When did cleaning become the new therapy? Cleaning expert Mrs Hinch explains how to 'clean yourself happy'
Move over mindfulness – sweeping, scrubbing and spraying are the new ways to find peace and inner harmony...
To most of us, cleaning is a (sometimes tiresome) ritual that’s just part of life.
So who knew toilets could be on trend or that Zoflora would become part of the zeitgeist?
It’s all part of the phenomenon that’s seeing countless women discover that getting their homes to look flawless is a cheap, enjoyable and satisfying way to make themselves feel good – and look good on Instagram. The social media platform is awash with clean-home hashtags, pictures of favourite products, sparkling kitchens and orderly hallways. In part, this trend stems from decluttering gurus such as Marie Kondo, whose philosophy boils down to, “Discard everything that does not spark joy.”
But for those of us whose “Kondo” homes would be left empty shells, a more accessible housework heroine has emerged in Sophie Hinchliffe, an Essex hairdresser better known to her 2m Instagram followers as Mrs Hinch. She calls her cleaning cupboard Narnia, has nicknamed her Minky cleaning cloth Minkeh, and has prompted a 25% upsurge in sales of old-school disinfectant Zoflora, as she shares hacks and talks us through her favourite cleaning routines in her immaculate @mrshinchhome. In the process she has launched a whole new movement that uses the power of cleaning to soothe the soul and calm anxiety.
Her new book, Hinch Yourself Happy, poses a devastatingly simple philosophy – that from dusting to vacuuming, following familiar rituals when cleaning can make us feel we’ve achieved something, and therefore feel ultimately happier. Sophie has been refreshingly frank about how cleaning helps her to deal with anxiety and control her panic attacks. Many of her #mrshincharmy followers credit her with improving their mental health too.
While some commentators are horrified at the idea of cleaning being a serious “thing” for women (aren’t we still struggling to be taken seriously beyond the home?), for fans it feels less like a retrograde movement and much more like taking back control of life.
Leading life coach Carole Ann Rice explains, “We all need order – and our homes should nurture us and be a place of refuge. If there is clutter, dirt and messiness, we can’t gather ourselves or feel in control. “So when we have tidied or cleaned, we feel we’ve made sense of mayhem. A breath of fresh air runs through us – order is resumed and control gained.”
So whether it’s the mindful flow of a methodical cleaning session, the ritual of ticking off jobs on a to-do list or the satisfaction of seeing your efforts pay dividends immediately, cleaning really does have the potential to improve your wellbeing.
And as Carole points out, “After all, if we can’t feel stable in our own environments, then when can we?”
Mrs Hinch has clearly touched something deep in the nation’s psyche, so w&h met her to find out more with a good clean chat...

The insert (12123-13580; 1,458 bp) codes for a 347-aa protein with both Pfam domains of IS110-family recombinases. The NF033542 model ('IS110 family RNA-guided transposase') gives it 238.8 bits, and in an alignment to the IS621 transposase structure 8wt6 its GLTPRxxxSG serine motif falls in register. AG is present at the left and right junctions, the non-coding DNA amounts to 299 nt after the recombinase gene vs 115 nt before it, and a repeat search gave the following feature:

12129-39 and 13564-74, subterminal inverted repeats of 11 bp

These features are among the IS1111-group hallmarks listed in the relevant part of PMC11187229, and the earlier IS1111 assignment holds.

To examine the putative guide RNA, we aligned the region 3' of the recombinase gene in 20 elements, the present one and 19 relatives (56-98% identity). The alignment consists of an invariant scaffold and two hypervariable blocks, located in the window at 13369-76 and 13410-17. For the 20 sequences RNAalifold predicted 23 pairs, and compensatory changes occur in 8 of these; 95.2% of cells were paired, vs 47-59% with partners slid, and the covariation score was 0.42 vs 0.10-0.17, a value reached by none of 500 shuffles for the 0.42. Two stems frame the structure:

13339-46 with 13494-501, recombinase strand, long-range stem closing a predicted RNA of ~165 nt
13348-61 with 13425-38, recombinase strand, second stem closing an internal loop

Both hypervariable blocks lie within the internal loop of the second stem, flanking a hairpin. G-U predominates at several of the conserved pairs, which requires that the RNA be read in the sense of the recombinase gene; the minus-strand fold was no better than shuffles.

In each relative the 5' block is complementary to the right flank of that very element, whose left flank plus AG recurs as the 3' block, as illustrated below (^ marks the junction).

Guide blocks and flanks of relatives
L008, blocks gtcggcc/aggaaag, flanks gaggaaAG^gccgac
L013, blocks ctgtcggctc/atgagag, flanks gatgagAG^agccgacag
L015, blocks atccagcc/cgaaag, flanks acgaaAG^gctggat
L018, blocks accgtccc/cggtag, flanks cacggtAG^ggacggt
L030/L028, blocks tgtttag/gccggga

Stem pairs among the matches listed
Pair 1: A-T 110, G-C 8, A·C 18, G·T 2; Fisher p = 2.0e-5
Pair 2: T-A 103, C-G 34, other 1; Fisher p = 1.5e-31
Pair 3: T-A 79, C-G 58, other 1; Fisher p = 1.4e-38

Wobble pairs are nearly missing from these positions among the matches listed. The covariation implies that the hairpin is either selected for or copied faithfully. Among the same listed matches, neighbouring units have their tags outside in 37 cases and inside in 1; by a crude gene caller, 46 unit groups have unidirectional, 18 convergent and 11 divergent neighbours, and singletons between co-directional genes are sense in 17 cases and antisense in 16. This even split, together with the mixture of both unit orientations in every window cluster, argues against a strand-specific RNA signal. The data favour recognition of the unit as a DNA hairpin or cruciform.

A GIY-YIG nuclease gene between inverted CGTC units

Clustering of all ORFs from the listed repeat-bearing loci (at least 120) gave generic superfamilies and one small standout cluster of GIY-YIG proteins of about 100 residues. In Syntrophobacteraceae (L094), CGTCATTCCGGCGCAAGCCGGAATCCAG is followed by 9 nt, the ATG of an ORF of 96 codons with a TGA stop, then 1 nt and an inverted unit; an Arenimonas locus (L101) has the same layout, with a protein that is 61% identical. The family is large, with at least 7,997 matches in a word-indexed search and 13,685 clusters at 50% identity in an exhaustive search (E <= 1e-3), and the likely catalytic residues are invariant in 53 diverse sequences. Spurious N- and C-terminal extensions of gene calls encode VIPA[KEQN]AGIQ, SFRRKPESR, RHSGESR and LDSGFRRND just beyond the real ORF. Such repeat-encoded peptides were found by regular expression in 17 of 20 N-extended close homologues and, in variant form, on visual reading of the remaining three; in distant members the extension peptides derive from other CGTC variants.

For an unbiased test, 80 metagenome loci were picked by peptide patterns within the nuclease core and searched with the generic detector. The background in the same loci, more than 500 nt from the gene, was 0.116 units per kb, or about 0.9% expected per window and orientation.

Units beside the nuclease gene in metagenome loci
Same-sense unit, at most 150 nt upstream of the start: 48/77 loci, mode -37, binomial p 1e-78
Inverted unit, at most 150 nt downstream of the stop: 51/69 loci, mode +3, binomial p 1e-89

The Hinch half hour
I’ll write a list, set a timer on my phone and I’m good to go. I’ll tick things off and it motivates me to get going – I’m like a whirlwind. If I’ve still got some time left to do more jobs, I’ll add a couple of cheeky things to my list just to give myself an extra spring to my step.
The clockwise clean
The beauty of this is that you don’t miss anything and it doesn’t feel too overwhelming. Walk into your room of choice with your cleaning basket. Start to your left (that’s your 12 o’clock), work your way around the room (1, 2, 3 o’clock) and then end up back where you started, having circled the room.
Simply go around every room in the house and write down a maximum of three things in each room you’d like to get done, and take the list with you as you work. There’s nothing better than waking up to a lovely fresh house on a Saturday morning.
Cleaning tips for each room of the house
My winning combo for cleaning the hob is Cif original Cream Cleaner and my Minky cloth. It’s never let me down and I’m in love with the after-shine. For stubborn oven stains, I recommend the Astonish range.
Towels: Roll rather than fold them so they’re easier to stack. I change my hand towels every few days while I like to wash large bath towels once they’ve been used once or twice, but I’ll make a call depending on how they look – and smell!
Toothbrush holder: Come on now – this houses something that goes in your mouth so it’s got to be super clean. I rinse out the pot regularly with bicarbonate of soda and water. Rinse and put a couple of capfuls of mouth wash in there and leave the toothbrush heads in to soak. If you do this once a week, you’ll avoid that horrible residue building up.
Mirror: Use a fluffy duster or tumble dryer sheet to pick up any dust on the surface. Spray with glass spray or white wine vinegar. Use dry kitchen roll to buff it in before finishing off with a glass cloth. Look in the mirror and say, ‘Wow, good job done, mate’.
Mattress: You need to turn and refresh your mattress once a month. Remember that bicarbonate of soda is an odour eater. Pour some into a flour sieve, shake it all over the mattress, leave it for a few hours and then vacuum it off to lift out any nasty whiffs.
Duvet: Spritz with a spray bottle full of your favourite fabric softener mixed with water.
TV: You have to be really gentle with your TV. Anything wet will smear terribly and could harm the screen – I recommend Pledge Electronic wipes.
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